GE Research, the R&D wing of American conglomerate GE, has used 3D printing to design an ultra-efficient, low-emission heat exchanger for power generation equipment. Called UPHEAT (Ultra Performance Heat Exchanger enabled by Additive Technology), the heat exchanger is part of a $2.5 M project led by GE Research.
The project was established through the Advanced Research Projects Agency’s (ARPA-E) High Intensity Thermal Exchange through Materials and Manufacturing Processes program (HITEMMP). In it, GE Research collaborated with University of Maryland (UMD) and Oak Ridge National Laboratory (ORNL).
Over the course of two years, the collaborators aim to “develop a high temperature, high pressure and super-compact heat exchanger that would enable cleaner, more efficient power generation in both existing and next generation power plant platforms” using 3D printing.
“We’re taking our deep knowledge in metals and thermal management and applying it in ways we couldn’t have before through the power of 3D printing,” commented Peter deBock, a Principal Thermal Engineer for GE Research and project leader on the ARPA-E award.
“With 3D printing, we can now achieve new design architectures previously not possible. And this will allow us to create an ‘UPHEAT’ device that can operate cost effectively at temperatures 250°C (450°F) degrees higher than today’s heat exchangers.”
A heat exchanger that takes the breath away
Heat exchangers are widely used in a multitude of applications like space heating, refrigeration, and air conditioning. Specifically, GE Research is focusing on application in power generation equipment like gas turbines. Comparing its purpose to functions inside the human body, deBock says, “Lungs are the ultimate heat exchanger, circulating the air you breathe to keep the body functioning at peak performance while also regulating your body’s temperature. Heat exchangers in power generation equipment like a gas turbine essentially perform the same function, but at much higher temperatures and pressures.”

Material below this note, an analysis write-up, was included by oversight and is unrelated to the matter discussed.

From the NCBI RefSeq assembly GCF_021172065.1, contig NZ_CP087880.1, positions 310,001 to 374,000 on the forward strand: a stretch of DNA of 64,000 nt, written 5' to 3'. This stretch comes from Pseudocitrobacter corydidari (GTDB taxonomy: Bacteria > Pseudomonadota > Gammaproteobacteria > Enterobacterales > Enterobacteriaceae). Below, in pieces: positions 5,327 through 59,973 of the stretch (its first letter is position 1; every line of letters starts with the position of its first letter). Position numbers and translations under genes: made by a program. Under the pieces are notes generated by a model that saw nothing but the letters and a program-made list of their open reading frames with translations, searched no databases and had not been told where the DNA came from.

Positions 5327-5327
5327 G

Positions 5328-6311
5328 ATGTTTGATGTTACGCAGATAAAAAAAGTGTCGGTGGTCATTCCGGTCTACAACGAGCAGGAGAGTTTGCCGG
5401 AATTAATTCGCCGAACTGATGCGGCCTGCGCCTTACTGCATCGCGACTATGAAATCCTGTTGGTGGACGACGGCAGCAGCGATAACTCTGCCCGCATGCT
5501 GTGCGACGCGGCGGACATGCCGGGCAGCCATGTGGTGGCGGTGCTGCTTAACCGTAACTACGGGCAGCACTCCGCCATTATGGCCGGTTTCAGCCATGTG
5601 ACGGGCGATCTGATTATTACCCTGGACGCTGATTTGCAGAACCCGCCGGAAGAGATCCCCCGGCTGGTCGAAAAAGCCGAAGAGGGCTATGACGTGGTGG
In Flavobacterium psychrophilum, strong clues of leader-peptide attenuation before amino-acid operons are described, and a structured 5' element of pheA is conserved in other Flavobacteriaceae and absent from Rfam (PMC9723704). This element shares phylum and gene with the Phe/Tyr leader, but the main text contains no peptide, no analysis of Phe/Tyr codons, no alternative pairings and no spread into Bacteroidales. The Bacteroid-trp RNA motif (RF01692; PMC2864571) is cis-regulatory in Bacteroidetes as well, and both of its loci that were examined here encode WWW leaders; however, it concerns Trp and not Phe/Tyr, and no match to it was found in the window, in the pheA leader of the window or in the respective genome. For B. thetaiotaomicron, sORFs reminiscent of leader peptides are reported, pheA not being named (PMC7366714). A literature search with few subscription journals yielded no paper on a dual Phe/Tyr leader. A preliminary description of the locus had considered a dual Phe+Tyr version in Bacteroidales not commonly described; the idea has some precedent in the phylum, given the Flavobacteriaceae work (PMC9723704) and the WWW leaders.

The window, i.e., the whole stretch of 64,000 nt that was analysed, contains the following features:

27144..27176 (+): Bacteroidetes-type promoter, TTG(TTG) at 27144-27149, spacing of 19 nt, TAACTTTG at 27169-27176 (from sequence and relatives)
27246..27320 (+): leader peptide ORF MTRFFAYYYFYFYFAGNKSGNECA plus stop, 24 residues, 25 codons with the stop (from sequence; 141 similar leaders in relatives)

The UPHEAT heat exchanger is made from a nickel superalloy designed by GE Research specifically for additive manufacturing. The material is capable of withstanding high temperatures and is crack-resistant. ORNL, a specialist in corrosion science, will test and validate the long term performance of the materials used.
Upon completion, the heat exchanger is expected to provide increased thermal efficiency of indirect heated power cycles, with reduced energy consumption and emissions. It will be capable of operating at temperatures up to 1,652 °F (900°C) and pressures up to 3626 psi (250 bar). With these properties, the UPHEAT could enable advanced applications in power and aerospace towards more energy efficient processes.
deBock adds that: “With additive manufacturing, GE and University of Maryland will now explore more intricate biological shapes and designs to enable a step change in heat exchanger performance that delivers higher efficiency and lower emissions.”
Advanced metal additive manufacturing with GE Research
GE Research, formerly known as GE Global Research, is currently part of a project funded by national 3D printing development partner America Makes to develop a commercial-grade, metal additive manufacturing system in collaboration with Lawrence Livermore National Laboratory (LLNL). Funded by the U.S. Air Force Research Laboratory (AFRL), the project is part of the Acceleration of Large-Scale Additive Manufacturing (ALSAM) scheme from America Makes.
The research and development division has also developed a process for creating 1:1 scale twin digital models of metal 3D printed parts for the U.S. Navy. Through the digital twinning process, the Navy will depend on GE to accelerate the production of mission-critical equipment.
“Using GE’s Digital Twin technology, we’re aiming to rapidly speed up the time that parts could be re-engineered or newly created using 3D printing processes,” said Ade Makinde, Principal Engineer of Additive Technologies at GE Global Research.
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Featured image shows prototype of 3D printed heat exchanger. Photo via GE.